The significant industry turbulence brought by increasing for-profit competitors, disruptive technology, the National Disability Insurance Scheme (NDIS) and changes to government funding models continues to force reflection for UnitingCare Queensland on where their future lies.
For an organisation driven by God’s love and altruism, yet existing in an environment of market competitiveness and immense financial responsibilities, UnitingCare Queensland’s reconciliation between their spiritual aims and capitalist surrounds is still a key issue.
“Obviously there is significant change within society itself. Government policy changes and changes in the marketplace are having significant impact on organisations providing community services and health services in Australia presently,” said Craig Barke, chair of the UnitingCare Queensland board.
“We are responding to those changes and holding on to the mission which has been provided to the organisation with an endeavour to remain financially sustainable over the long-term.”
UnitingCare Queensland CEO Anne Cross detailed the organisation’s future plans including the implementation of revised service models, consolidation and leveraging of the investments that have been made in their hospitals, strengthening their presence in major regional centres with an integrated range of aged care services and consolidating sites where possible.
Anne also drew attention to Blue Care’s induction into the Queensland Business Leaders’ Hall of Fame last year, in honour of the church’s contribution to Queensland Communities.
“This recognises what the Uniting Church has contributed to Queensland communities through Blue Care for over 60 years—many of you here are part of that story.”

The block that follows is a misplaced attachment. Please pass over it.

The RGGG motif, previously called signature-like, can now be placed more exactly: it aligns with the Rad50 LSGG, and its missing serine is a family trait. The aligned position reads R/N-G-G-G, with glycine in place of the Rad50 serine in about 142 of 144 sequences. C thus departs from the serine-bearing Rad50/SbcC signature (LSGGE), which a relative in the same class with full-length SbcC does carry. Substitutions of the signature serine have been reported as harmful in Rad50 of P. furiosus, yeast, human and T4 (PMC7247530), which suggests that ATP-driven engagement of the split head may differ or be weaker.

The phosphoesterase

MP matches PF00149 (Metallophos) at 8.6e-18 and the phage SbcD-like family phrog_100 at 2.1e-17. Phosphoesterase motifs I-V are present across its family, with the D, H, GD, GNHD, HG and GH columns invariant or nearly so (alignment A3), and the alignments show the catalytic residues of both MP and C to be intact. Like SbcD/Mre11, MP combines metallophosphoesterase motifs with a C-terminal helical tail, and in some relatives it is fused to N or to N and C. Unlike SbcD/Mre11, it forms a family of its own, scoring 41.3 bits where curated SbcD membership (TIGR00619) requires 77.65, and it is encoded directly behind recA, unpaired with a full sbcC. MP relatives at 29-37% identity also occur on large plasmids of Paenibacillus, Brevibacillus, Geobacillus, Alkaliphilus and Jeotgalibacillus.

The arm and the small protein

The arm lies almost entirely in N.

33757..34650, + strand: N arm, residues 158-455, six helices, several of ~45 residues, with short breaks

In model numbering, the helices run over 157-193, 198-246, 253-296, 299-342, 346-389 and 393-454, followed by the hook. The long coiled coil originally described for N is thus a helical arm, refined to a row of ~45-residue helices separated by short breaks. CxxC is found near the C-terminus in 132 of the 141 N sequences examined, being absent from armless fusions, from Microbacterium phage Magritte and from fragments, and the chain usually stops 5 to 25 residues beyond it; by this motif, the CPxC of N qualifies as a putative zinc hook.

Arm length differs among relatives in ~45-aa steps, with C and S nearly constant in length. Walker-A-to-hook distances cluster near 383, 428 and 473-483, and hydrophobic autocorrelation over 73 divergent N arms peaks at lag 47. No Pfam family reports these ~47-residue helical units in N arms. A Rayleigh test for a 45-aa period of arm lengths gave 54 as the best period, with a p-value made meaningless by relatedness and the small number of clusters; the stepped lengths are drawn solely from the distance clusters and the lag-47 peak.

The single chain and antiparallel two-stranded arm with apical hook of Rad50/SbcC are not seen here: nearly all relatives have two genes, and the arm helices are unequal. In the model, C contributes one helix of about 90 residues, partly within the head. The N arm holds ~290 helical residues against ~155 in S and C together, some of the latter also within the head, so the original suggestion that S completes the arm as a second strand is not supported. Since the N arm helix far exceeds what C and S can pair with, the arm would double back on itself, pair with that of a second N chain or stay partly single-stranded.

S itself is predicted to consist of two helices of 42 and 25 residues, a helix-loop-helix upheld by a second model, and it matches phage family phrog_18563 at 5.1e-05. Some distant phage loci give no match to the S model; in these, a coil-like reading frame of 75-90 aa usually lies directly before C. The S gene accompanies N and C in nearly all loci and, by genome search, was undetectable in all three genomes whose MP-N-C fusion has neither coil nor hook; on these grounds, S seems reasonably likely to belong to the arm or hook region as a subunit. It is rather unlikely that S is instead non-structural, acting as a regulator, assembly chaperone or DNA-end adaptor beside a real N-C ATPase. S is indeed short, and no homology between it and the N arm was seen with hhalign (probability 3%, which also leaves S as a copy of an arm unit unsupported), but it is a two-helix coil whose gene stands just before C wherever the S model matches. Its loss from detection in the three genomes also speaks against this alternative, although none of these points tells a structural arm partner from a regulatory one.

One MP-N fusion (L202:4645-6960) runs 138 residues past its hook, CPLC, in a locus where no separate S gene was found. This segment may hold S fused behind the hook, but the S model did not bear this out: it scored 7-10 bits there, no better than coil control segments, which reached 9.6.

As a result of this achievement, all of Blue Care’s historical documents and a number of short films made about Blue Care reside permanently in the Queensland Hall of Fame in the State Library.
During the Q&A component of the presentation, Rev Kaye Ronalds enquired about UnitingCare Queensland’s procedures during closures of nursing homes, drawing attention to the short notices that often accompany private facilities.
“When we announce a closure we always put in additional staff and support around all of the people and we don’t actually close a service until everyone is relocated, so we don’t put a timeframe on that.
“We put in additional support so that each person and their family can work out what the plan is for them; some of them will say, ‘I want to go to another Blue Care facility’, some will be happy to look at other ones in their local area, and we’ll of course then work with those providers around vacancies that might occur there. The process is one that generally we have tried to handle with additional support and a lot of extra capacity.”